I would add that the presence of saints among us also signifies God's fidelity and love for the Church, since they are raised up by His providence for the building up of the Church during certain times in history. The Church has never lacked saints and I do not believe that there will ever be a time when the Church will lack saints.

In this post I would like to point out a man whom I believe is a modern saint and who should definitely be canonized. This is none other than Servant of God John A. Hardon, S.J. (June 18, 1914 – December 30, 2000). For me Fr. Hardon is a local saint, as he lived, worked and died only thirty miles from my home. Many people I have met since returning to the Church in 2002 had the blessing of knowing Fr. Hardon intimately. I do not know the extent of which Fr. Hardon's work is known outside of the Great Lakes area, but here is he already revered as a very holy man.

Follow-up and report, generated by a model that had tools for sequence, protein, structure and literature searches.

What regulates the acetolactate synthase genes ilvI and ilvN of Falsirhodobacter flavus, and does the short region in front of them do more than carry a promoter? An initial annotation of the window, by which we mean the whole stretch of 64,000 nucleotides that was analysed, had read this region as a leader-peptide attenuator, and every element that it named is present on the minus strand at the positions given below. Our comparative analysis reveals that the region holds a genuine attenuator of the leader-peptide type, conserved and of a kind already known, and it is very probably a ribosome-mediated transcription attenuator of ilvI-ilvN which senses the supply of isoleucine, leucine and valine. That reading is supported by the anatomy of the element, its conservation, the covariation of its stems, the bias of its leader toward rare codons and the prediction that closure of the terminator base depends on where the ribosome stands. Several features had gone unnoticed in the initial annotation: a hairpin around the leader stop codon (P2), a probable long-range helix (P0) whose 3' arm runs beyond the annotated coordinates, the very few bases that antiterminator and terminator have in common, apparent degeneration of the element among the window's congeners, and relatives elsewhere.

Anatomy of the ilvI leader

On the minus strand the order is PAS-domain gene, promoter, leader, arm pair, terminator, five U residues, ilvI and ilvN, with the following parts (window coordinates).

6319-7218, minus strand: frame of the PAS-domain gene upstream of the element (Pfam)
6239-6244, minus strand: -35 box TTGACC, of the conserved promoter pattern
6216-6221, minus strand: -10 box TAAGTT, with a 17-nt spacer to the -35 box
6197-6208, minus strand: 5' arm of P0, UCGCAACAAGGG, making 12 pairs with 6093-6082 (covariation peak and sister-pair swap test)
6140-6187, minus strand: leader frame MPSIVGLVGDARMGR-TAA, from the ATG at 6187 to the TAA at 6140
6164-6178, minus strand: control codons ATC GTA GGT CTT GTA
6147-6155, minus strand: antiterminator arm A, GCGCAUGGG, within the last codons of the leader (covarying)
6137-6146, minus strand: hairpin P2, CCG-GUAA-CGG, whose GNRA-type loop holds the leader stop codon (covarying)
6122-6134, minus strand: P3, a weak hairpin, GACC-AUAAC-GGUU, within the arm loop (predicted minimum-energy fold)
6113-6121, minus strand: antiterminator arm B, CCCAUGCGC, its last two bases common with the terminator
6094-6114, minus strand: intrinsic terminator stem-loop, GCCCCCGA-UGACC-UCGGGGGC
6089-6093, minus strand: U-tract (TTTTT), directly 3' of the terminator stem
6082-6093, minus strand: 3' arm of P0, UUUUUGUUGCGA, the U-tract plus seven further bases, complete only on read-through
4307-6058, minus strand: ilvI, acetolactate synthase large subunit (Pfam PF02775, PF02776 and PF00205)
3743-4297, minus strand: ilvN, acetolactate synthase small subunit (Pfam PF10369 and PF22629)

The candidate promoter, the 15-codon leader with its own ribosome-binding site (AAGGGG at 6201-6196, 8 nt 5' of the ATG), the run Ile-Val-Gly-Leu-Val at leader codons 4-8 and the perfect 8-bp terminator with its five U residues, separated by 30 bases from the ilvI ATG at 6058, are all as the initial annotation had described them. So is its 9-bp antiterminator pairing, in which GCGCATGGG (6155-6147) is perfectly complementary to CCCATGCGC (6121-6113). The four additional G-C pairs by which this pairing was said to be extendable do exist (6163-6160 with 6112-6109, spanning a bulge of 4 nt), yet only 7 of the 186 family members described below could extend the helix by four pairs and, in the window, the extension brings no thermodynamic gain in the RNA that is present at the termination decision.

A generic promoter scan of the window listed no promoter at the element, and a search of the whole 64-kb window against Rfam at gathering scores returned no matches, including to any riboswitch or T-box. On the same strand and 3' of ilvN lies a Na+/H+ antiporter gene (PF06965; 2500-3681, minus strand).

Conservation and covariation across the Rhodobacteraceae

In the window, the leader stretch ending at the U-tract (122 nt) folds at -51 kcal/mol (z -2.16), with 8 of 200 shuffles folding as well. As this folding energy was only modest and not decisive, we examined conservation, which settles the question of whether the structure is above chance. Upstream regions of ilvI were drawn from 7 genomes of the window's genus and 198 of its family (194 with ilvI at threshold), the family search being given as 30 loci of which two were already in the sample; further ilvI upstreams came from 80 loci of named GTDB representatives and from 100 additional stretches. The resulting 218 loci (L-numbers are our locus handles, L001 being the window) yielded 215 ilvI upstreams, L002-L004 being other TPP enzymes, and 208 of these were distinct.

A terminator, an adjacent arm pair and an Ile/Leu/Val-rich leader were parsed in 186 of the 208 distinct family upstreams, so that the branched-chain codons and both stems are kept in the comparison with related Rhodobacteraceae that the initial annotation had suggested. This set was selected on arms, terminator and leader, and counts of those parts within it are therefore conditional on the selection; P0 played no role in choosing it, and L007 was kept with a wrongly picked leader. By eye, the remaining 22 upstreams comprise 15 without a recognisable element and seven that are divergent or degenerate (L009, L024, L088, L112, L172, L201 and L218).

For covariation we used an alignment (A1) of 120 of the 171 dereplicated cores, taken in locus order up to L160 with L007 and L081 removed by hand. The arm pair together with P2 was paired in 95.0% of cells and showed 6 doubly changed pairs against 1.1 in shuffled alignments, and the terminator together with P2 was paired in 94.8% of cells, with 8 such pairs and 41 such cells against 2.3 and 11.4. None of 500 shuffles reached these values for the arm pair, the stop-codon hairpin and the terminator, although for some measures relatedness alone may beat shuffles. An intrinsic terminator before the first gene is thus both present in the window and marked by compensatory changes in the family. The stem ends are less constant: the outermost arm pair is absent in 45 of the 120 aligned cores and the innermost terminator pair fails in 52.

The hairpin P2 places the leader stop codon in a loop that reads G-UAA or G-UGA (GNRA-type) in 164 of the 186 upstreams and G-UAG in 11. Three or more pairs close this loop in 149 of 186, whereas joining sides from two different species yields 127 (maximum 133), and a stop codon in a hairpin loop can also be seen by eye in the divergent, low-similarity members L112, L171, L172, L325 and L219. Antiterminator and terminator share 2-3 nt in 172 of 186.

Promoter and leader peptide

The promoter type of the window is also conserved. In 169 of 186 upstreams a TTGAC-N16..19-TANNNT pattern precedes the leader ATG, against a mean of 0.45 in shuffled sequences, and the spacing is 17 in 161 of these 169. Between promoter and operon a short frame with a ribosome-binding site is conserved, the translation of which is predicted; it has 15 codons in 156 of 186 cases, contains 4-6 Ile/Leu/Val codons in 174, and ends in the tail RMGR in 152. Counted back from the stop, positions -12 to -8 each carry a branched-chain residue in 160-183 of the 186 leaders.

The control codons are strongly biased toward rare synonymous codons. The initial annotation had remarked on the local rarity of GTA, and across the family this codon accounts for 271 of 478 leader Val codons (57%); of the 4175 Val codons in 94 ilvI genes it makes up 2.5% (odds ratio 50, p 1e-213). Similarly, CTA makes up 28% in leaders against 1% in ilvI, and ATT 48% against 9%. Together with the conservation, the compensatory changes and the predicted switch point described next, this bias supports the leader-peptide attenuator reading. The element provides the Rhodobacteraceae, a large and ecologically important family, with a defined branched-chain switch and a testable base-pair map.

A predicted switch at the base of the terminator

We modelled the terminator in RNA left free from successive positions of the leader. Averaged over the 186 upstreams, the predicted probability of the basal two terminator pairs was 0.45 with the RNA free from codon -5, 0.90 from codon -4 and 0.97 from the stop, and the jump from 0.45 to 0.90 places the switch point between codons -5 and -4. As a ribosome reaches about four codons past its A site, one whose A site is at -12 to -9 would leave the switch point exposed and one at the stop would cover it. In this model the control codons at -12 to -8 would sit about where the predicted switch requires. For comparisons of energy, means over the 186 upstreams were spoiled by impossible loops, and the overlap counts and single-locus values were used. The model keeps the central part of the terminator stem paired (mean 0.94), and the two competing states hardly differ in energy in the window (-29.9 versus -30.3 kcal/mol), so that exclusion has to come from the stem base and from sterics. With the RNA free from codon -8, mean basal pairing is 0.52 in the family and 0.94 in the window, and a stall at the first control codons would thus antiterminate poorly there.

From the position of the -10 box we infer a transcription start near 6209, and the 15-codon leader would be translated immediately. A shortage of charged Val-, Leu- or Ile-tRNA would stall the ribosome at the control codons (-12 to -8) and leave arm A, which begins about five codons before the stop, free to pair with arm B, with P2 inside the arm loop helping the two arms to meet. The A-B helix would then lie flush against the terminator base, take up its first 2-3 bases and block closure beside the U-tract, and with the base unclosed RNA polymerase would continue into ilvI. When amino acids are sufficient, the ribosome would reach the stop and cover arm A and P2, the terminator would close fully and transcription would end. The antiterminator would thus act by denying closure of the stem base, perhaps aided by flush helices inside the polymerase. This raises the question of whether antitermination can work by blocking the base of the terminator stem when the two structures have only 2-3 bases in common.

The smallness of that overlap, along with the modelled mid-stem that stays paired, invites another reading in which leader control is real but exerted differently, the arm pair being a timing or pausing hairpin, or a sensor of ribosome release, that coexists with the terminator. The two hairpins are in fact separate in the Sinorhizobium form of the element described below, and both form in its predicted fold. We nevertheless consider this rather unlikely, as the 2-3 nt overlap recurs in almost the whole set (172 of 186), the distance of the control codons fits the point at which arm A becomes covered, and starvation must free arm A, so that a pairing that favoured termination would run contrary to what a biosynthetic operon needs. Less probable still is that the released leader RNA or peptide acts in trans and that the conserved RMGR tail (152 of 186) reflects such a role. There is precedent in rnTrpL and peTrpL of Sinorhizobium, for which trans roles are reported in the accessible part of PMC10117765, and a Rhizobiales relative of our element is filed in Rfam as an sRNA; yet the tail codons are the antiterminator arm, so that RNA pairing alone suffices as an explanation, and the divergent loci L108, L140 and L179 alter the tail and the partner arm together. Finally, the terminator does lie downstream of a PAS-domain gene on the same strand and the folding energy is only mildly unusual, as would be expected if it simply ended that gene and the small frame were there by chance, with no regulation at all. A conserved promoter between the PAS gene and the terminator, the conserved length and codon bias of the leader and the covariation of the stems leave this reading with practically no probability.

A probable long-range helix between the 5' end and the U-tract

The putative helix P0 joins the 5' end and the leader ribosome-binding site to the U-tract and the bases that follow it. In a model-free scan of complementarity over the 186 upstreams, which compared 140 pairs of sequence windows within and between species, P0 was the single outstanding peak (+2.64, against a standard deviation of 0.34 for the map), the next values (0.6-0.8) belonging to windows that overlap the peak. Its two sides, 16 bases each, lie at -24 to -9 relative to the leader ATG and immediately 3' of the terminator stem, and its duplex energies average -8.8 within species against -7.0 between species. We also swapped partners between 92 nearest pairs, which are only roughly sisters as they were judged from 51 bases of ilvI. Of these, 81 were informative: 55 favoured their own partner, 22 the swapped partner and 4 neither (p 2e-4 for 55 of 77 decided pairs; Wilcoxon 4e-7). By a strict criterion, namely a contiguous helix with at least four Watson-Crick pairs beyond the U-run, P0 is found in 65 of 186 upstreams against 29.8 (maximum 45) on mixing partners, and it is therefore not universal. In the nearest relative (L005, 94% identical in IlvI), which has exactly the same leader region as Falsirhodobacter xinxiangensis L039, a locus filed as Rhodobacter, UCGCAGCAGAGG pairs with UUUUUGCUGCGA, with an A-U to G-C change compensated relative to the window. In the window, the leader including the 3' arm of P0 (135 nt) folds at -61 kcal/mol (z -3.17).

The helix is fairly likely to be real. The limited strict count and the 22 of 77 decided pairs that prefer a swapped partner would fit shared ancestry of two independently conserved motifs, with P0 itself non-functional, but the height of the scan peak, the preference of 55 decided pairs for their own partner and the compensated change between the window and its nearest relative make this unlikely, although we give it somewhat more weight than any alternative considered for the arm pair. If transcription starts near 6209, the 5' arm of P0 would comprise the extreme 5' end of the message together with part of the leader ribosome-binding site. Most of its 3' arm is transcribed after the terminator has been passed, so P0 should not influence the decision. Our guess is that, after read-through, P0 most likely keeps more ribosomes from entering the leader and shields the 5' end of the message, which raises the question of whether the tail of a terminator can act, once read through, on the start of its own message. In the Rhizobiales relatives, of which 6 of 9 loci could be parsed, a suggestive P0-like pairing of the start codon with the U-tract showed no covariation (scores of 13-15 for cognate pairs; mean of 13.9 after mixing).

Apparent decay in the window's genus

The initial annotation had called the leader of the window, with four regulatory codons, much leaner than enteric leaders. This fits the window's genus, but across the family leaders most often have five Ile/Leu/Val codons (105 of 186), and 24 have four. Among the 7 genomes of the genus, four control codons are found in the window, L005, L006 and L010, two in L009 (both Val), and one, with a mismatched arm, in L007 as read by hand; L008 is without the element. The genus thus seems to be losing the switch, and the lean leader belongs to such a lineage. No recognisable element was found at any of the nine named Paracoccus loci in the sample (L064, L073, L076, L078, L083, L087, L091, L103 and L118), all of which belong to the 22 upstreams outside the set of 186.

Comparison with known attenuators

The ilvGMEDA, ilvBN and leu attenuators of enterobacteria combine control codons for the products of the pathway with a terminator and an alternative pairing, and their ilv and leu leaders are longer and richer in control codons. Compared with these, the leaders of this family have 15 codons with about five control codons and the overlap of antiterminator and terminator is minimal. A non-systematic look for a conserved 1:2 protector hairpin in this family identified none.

Fr. Hardon was born in Pennsylvania and came from a very devout Catholic family. His father has been killed at a relatively young age in a scaffold accident, leaving Fr. Hardon's mother to care for the family. The faith was an integral part of the Hardon household, and Fr. John tells us that from an early age he felt a draw to the priesthood:

“The most noticeable event of my childhood was my reception of First Holy Communion at the age of six. Sr. Benedicta, a member of the Sisters of Notre Dame who prepared us for our first Holy Communion, told us, ‘Whatever you ask our Lord on your First Communion day, you will receive.’ When I returned to my pew after Communion, I immediately asked our Lord, ‘Make me a priest.’ I had only the faintest idea what I was saying, but I never forgot what sister had told us to do. When I was ordained twenty-six years later, my first sentiment was to thank our Lord for hearing my prayers.”